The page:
This is hard to answer with an authoritative source since the quality of non-potable water varies widely from the source it comes from (is it groundwater? river water? is there anything recycled from drainwater from houses?) and even within a country.
I'm speaking mostly from my experience living in India, but in practice I have seen similar practices in Malaysia, Indonesia, Vietnam and Thailand too. None of these places have potable water supply; the source is typically river or lake water. The reason why they are classed non-potable is primarily because of high mineral content or particulate matter, which can be purified for human consumption by physical filtration as opposed to bacterial disinfection - although as it has become cheaper and more compact to make ultraviolet or reverse osmosis filters for home use, these are also used. Bacteria or viruses are the causes for most water-borne diseases, those can get into the water supply if untreated raw sewage is dumped into water sources which thankfully most civil authorities are not stupid enough to do.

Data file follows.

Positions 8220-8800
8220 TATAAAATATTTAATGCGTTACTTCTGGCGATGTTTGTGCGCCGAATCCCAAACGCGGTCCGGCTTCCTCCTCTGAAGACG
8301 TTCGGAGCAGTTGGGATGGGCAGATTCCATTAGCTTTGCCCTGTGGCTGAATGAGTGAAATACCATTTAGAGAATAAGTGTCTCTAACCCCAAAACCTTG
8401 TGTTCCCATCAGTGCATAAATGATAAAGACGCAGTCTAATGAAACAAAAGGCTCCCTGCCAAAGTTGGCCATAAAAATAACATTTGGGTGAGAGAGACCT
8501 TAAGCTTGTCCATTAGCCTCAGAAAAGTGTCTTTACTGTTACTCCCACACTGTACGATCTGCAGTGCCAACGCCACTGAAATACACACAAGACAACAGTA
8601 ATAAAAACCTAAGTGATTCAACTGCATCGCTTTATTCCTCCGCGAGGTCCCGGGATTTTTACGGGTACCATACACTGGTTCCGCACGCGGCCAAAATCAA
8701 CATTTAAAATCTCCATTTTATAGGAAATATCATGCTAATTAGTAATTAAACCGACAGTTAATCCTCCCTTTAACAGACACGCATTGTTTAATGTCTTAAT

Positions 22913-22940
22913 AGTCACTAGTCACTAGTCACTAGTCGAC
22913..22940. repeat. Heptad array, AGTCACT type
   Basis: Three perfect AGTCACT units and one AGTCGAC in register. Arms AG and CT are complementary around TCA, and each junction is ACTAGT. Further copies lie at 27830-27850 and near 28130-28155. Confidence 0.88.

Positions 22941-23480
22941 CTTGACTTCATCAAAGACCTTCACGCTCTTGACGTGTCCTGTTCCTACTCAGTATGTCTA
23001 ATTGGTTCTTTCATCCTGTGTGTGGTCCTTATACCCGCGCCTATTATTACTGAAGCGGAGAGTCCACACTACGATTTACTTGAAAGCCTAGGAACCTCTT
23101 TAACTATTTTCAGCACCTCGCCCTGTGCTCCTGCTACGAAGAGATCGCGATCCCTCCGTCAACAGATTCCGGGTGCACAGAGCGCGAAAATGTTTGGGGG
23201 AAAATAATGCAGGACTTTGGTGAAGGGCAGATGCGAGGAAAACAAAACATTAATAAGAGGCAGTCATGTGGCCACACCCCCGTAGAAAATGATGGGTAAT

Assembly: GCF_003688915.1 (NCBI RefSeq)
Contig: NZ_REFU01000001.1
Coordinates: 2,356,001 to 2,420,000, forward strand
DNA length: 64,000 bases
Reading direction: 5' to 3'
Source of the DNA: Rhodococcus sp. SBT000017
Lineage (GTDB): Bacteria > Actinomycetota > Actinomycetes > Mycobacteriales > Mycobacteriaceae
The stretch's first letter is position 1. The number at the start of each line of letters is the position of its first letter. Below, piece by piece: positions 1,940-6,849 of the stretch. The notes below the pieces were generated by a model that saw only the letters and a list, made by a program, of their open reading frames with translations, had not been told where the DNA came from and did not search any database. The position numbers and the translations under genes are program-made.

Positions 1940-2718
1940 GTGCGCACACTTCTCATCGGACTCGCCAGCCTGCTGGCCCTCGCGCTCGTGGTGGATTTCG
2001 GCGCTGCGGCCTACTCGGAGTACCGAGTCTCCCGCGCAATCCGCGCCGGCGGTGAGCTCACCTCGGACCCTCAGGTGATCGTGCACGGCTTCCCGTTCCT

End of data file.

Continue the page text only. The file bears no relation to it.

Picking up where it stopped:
So for the countries I mentioned, in practice, while it is customary to purify water for drinking either by boiling or using filtration devices, for other purposes such as washing clothes, washing dishes, cleaning hands, bathing, brushing teeth et al - essentially, anything that does not involve ingesting water, tap water is used directly. The water may taste funny for instance if you're brushing your teeth - that's because of the high mineral or iron content typically - but as for safety, yes, it can be considered safe.